Employer representatives have stepped up their vigil over the opt-out clause from the European Union’s maximum 48-hour working week.
Reports have suggested that with Tony Blair ending his reign as UK prime minister, the opt-out clause could be offered up to secure a coup on the EU constitution.
UK businesses have long cherished the ability to sidestep the limit of 48 hours per week set out in the EU Working Time Directive. Five presidencies have failed to broker an agreement on amendments to the directive, with the opt-out clause a major sticking point.
However, Blair is understood to be keen to leave his stamp on the EU by securing a major deal on the draft constitution. And he is reportedly willing to make sacrifices on other directives to make this happen.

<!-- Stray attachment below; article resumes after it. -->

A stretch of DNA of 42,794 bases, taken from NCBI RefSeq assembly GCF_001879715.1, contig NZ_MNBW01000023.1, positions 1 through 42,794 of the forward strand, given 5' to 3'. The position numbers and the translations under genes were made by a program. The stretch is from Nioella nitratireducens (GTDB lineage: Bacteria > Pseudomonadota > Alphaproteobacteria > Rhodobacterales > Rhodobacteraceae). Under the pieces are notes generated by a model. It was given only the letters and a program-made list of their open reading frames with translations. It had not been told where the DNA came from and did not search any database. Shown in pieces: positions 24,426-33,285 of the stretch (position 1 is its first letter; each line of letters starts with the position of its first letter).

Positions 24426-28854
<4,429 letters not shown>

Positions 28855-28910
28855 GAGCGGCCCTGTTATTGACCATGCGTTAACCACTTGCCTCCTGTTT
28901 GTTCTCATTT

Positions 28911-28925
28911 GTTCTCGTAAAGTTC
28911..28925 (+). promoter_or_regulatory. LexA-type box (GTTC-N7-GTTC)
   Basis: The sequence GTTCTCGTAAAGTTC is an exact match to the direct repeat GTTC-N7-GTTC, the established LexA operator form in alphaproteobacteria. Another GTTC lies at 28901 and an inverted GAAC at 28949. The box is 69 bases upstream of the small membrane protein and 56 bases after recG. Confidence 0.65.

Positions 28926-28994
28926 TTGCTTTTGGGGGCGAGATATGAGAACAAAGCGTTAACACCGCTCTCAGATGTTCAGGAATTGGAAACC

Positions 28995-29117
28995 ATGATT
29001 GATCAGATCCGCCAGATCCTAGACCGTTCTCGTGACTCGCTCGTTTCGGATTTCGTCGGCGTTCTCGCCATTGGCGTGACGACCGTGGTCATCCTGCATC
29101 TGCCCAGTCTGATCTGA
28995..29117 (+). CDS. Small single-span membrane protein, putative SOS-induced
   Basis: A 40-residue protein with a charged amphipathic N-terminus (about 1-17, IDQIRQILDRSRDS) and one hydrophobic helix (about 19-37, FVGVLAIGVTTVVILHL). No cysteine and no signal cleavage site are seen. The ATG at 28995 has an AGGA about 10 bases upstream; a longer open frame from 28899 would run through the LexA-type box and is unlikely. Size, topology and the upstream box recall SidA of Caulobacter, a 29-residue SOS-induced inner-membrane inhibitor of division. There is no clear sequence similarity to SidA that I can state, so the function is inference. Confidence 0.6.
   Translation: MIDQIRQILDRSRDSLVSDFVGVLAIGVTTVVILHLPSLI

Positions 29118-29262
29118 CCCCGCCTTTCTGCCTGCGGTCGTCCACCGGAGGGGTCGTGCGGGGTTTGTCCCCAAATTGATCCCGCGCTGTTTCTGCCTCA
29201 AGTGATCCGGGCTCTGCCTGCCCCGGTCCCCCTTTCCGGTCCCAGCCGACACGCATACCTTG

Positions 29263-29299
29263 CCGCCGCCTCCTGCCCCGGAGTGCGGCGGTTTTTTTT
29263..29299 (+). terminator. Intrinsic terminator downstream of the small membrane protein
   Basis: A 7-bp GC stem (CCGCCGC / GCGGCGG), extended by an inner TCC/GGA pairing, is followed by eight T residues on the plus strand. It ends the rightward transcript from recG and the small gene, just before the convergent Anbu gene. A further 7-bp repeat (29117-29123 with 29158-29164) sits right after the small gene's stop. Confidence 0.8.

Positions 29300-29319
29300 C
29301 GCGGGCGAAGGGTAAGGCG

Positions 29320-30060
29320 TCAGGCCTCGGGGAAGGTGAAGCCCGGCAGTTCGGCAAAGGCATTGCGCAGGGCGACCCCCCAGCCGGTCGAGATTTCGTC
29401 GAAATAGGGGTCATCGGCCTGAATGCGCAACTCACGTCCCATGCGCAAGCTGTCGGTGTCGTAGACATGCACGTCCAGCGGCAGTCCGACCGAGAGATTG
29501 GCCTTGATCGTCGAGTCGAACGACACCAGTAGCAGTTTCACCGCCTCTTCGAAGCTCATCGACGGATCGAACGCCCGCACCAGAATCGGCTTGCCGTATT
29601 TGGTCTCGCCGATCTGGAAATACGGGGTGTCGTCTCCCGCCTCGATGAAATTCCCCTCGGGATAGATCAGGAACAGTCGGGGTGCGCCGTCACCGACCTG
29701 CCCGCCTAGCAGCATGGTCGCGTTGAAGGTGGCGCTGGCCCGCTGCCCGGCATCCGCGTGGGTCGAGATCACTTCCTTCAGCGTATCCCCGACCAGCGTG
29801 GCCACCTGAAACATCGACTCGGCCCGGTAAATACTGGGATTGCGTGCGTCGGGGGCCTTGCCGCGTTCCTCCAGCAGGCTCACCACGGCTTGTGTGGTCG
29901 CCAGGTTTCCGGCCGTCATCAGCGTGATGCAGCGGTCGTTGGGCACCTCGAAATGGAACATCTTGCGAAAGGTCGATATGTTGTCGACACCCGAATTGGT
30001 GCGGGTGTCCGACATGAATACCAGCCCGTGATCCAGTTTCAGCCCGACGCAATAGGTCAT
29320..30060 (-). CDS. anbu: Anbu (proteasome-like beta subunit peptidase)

Steve Coventry, campaigns adviser at manufacturers’ body the EEF, told Personnel Today: “We are ever watchful. It can be the way the EU works – you think something is dead and buried, then there is a change of leader or circumstance, deals are made and compromises reached. We would be very concerned if it looked like the opt-out could be given up.”
However, Coventry added that he did not believe Blair would use the Working Time Directive to broker a deal on the constitution, saying their were other more contentious issues likely to be used.